Jour­nal­ism un­der at­tack when needed most

Porterville Recorder - - OPINION -

When has the work of jour­nal­ists been more im­por­tant?

Was it 50 years ago, when Amer­ica’s in­ner cities were burn­ing and the Pen­tagon was hid­ing the scope and na­ture of the war in Viet­nam?

Or 100 years ago, when the ad­min­is­tra­tion of Pres­i­dent Woodrow Wil­son was muz­zling news­pa­pers and churn­ing out pro­pa­ganda in sup­port of the na­tion’s in­volve­ment in what would be­come known as World War I?

Or now, when false­hoods metas­ta­size through so­cial me­dia, for­eign gov­ern­ments at­tempt to sub­vert our elec­tions, ci­ti­zens in­su­late them­selves from op­pos­ing view­points and the pres­i­dent de­rides as “fake news” the in­for­ma­tion he doesn’t like and calls news me­dia the “en­emy of the peo­ple?”

It’s not dif­fi­cult to make the case that it’s more im­por­tant now than ever that jour­nal­ists of­fer un­var­nished facts about im­por­tant is­sues af­ter ask­ing hard ques­tions.

But now, the time when jour­nal­ism is needed most, is when jour­nal­ism is un­der duress like never be­fore.

The num­ber of peo­ple in news­pa­per news­rooms has dropped by nearly half since 2006, ac­cord­ing to jour­nal­ism.org.

The pres­i­dent has launched a frontal as­sault on jour­nal­ism, and his words have had an im­pact on his fol­low­ers. A re­cent poll in­di­cates 43 per­cent of Repub­li­cans be­lieve Pres­i­dent Don­ald Trump should “have the author­ity to close news out­lets en­gaged in bad be­hav­ior.”

Mean­while, long-de­vel­op­ing prob­lems pre­sented by so­cial me­dia con­tinue to fes­ter.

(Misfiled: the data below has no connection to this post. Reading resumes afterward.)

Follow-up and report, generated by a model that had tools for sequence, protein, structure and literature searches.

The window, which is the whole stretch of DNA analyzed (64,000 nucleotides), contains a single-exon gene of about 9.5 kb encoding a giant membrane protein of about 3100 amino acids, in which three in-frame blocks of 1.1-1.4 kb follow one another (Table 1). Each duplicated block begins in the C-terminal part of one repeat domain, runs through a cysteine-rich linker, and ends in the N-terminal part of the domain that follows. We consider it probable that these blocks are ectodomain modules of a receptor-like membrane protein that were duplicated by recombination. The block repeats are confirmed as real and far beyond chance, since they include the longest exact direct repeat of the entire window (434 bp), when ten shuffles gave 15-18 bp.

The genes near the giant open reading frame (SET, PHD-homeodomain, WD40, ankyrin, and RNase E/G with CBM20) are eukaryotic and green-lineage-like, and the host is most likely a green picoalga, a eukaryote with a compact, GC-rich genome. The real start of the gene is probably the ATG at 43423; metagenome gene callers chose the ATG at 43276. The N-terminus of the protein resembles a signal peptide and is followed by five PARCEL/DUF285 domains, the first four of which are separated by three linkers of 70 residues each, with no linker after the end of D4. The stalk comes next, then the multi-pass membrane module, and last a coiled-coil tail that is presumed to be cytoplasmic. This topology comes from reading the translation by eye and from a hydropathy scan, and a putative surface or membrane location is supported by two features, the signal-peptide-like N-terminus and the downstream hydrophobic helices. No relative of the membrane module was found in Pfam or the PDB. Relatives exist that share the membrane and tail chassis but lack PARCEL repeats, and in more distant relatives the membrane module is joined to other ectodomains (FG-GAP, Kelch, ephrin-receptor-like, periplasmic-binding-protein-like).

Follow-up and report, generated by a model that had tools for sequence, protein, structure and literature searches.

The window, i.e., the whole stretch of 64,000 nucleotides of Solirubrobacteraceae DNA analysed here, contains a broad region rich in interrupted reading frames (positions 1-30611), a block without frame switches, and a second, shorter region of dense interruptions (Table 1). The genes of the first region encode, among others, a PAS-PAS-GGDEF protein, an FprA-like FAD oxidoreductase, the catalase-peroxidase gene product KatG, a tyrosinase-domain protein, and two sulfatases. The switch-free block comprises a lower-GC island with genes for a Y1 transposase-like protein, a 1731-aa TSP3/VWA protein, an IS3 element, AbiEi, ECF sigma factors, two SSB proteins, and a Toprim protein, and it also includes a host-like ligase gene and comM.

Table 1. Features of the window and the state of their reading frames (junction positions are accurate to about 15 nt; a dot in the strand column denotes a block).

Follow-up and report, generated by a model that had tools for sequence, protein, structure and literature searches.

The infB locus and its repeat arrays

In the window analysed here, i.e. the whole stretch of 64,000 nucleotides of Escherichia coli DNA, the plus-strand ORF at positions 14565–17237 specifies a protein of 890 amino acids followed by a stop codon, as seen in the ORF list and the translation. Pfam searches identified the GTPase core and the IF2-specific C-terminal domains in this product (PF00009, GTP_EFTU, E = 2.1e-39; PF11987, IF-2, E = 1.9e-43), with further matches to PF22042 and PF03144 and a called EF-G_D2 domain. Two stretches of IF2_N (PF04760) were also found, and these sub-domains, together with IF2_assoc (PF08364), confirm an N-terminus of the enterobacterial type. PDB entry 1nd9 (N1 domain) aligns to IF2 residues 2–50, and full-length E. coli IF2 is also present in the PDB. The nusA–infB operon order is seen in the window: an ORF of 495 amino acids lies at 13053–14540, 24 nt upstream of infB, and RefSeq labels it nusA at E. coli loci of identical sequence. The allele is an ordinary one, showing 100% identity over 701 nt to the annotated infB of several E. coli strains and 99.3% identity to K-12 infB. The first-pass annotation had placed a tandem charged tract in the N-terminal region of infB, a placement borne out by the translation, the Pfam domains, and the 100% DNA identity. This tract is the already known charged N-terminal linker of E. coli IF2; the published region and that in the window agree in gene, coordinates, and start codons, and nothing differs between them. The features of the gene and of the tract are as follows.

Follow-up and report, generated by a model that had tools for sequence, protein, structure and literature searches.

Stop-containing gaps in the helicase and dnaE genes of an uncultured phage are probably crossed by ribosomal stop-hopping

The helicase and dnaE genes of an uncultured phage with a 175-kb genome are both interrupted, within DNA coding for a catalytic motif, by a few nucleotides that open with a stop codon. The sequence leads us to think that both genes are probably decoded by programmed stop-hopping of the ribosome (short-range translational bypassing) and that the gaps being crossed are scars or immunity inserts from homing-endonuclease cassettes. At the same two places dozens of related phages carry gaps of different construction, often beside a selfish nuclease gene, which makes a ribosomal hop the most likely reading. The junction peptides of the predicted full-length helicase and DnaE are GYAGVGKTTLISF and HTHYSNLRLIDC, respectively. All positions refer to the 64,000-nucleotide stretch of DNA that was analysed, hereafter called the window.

Face­book and Twit­ter muddy the in­for­ma­tion wa­ters. They ap­peal to peo­ple who want to read, hear and see only in­for­ma­tion with which they agree. And so­cial me­dia are vul­ner­a­ble to ma­nip­u­la­tion.

Pres­i­dent Trump turns to Twit­ter to de­liver what often is mis­in­for­ma­tion to mil­lions of fol­low­ers, by­pass­ing the fil­ter of jour­nal­ists ask­ing, “Is this true?”

For­eign gov­ern­ments have at­tempted to in­flu­ence our elec­tions by spread­ing lies through so­cial me­dia, a scheme that doesn’t work through tra­di­tional me­dia staffed by skep­ti­cal, fact-check­ing jour­nal­ists.

The fourth es­tate has been a check on the power of govern­ment since the Bill of Rights was penned. Thomas Jef­fer­son fa­mously wrote that if it were left to him to de­cide whether we should have a govern­ment with­out news­pa­pers or news­pa­pers with­out a govern­ment, “I should not hes­i­tate a mo­ment to pre­fer the lat­ter.”

Now, when facts are in­creas­ingly per­ceived as op­tional and bad in­for­ma­tion clogs the in­ter­net, we need jour­nal­ists ask­ing ques­tions, cut­ting through pro­pa­ganda and of­fer­ing fair and bal­anced re­ports.

Our repub­lic de­pends on it. Sid Schwartz is editor of The Gazette in Janesville, Wis. He has been a jour­nal­ist for 34 years. He pre­vi­ously served as pres­i­dent of the Wis­con­sin AP Ed­i­tors As­so­ci­a­tion and on the board of di­rec­tors of the As­so­ci­ated Press Man­ag­ing Ed­i­tors.

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